The project’s main objective is to develop a radically new, sustainable, and techno-economically feasible pulping technology for wood and agro-based lignocellulose raw materials based on DES. Provides also seeks to develop efficient, novel cellulose-dissolving DES and other DES to process lignocellulose materials, starting with paper for recycling, with a focus on sustainability of the chemical components and technical and economic applicability of the solvent system.

The technological breakthrough expected through the development of such new DES pulping technology could reduce process energy intensity by at least 40 percent and investment costs by 50 percent compared with traditional chemical pulping technology. Provides will create both fundamental and industry-driven technological knowledge based on lab to bench/pilot scale experimentation through a variety of ways, including mapping and selection of the most effective DES families; investigating processes and process technology options; providing products for industrial evaluation; and assessing impacts in terms of energy and cost reductions, as well as the new high-added value applications that Provides could bring to the pulp and paper industry.

The Provides project consists of 27 participants. These include major manufacturers (such as Sappi, Metsä Fibre, UPM, and Mondi); major industry vendors (including Valmet, Buckman, Omya, and Voith); three universities; two research institutes; and ISPT. Learn more at http://www.providespaper.eu.

Seeing (Infra)red with Enertechnix
Based in Olympia, WA, US, Enertechnix develops and commercializes innovative technologies for process and environmental monitoring. Though it employs only 20 people, since its founding in 1995 Enertechnix has developed and commercialized acoustic systems for measuring gas temperatures in large-scale boilers, as well as mid-infrared imaging systems for visual monitoring of conditions within high-temperature, particle-laden environments.

In October 2018, Valmet acquired Enertechnix for an undisclosed amount. According to Valmet, the acquisition complements Valmet’s automation offering for both the energy and the pulp and paper industries, enabling Valmet to offer more comprehensive solutions to improve the efficiency, availability, and safety of recovery and power boilers.

Enertechnix employees at the company’s Washington State headquarters.

“Enertechnix’ combustion diagnostics and monitoring systems meet well the needs of today’s recovery and power boiler operators,” comments Sami Riekkola, business line president, automation, for Valmet. “We are especially excited about the comprehensive imaging and high-temperature measurement solutions, as well as the many opportunities they provide in opening a whole new window into the boiler process.”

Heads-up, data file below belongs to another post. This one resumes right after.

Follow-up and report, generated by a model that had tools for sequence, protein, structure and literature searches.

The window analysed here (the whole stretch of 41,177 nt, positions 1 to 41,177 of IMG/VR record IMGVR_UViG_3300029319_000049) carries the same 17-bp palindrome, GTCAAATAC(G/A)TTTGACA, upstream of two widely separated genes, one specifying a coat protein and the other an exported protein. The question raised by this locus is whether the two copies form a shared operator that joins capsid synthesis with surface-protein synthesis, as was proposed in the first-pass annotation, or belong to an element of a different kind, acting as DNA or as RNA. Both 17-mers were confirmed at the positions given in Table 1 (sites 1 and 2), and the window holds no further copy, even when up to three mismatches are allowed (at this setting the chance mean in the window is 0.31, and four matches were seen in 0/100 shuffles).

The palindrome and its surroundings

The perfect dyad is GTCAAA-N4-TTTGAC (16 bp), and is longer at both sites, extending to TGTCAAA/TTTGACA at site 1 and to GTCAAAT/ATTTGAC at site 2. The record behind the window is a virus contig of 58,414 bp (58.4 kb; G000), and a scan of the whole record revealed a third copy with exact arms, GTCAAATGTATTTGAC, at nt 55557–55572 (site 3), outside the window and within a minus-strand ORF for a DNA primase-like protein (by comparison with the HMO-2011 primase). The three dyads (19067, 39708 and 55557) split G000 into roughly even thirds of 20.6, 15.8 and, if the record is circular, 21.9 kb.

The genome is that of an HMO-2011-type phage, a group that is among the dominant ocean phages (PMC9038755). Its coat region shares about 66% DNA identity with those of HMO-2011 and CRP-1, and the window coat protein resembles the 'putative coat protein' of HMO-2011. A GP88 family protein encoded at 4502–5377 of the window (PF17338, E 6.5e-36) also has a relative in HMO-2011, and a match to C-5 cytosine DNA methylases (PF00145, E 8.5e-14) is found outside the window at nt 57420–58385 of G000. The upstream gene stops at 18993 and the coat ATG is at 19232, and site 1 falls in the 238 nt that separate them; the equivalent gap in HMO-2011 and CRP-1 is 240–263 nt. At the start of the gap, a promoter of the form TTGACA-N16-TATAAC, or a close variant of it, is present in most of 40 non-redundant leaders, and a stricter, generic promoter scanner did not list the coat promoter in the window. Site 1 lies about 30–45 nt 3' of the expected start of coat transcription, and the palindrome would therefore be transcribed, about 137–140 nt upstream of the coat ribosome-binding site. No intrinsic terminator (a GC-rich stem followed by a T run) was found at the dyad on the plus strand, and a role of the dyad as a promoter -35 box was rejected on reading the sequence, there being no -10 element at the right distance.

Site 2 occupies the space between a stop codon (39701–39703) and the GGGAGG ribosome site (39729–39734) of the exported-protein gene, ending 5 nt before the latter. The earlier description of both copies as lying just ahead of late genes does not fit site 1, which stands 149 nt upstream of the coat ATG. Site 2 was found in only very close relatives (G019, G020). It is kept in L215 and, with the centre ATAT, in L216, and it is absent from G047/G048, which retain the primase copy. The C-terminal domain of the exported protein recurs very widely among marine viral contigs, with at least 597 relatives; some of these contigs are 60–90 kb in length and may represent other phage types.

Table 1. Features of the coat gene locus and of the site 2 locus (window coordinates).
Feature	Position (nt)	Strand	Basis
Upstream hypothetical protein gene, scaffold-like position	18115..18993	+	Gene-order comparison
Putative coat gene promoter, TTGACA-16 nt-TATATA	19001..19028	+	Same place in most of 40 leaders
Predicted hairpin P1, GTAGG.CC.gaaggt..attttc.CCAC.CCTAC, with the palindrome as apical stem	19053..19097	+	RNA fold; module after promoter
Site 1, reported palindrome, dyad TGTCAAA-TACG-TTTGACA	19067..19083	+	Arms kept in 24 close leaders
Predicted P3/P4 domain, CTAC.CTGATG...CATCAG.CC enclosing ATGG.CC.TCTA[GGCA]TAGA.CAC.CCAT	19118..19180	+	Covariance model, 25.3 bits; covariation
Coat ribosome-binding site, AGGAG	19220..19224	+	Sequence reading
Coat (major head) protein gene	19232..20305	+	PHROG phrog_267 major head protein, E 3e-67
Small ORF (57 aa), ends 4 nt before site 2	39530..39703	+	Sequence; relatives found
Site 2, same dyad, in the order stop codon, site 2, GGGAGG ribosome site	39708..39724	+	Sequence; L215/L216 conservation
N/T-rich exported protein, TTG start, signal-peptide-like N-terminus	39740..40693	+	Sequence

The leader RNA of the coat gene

Chief products from Enertechnix include high-resolution infra-red camera systems with diagnostics software to provide superior online visibility and temperature analysis. The systems are able to see through obscuring dust and gas to depths of 24 meters, allowing monitoring of developments anywhere in the combustion chamber.

Enertechnix has also developed a visible wavelength, light-weight, fully digital imaging system that provides high-resolution HD video quality and unprecedented operational views of extreme high-temperature processes such as in kilns, boilers, furnaces, and more. The company supplies image processing software to provide additional information from the networked cameras.

“I believe that our leading products, technologies, and business will be further developed at Valmet, and they will be better and more easily accessible to the customers globally. We are very excited and pleased to be part of Valmet,” says George Kychakoff, Enertechnix founder and CEO. Visit www.enertechnix.com to learn more.

Using VR/AR in Mills
Would your mill benefit from a safer way to train people for hazardous work conditions, or practice hands-on skills during risky situations? Combining game-style training in the virtual reality environment can boost learning to new heights. Valmet has piloted training in virtual reality (VR) with some customers, and the results are promising.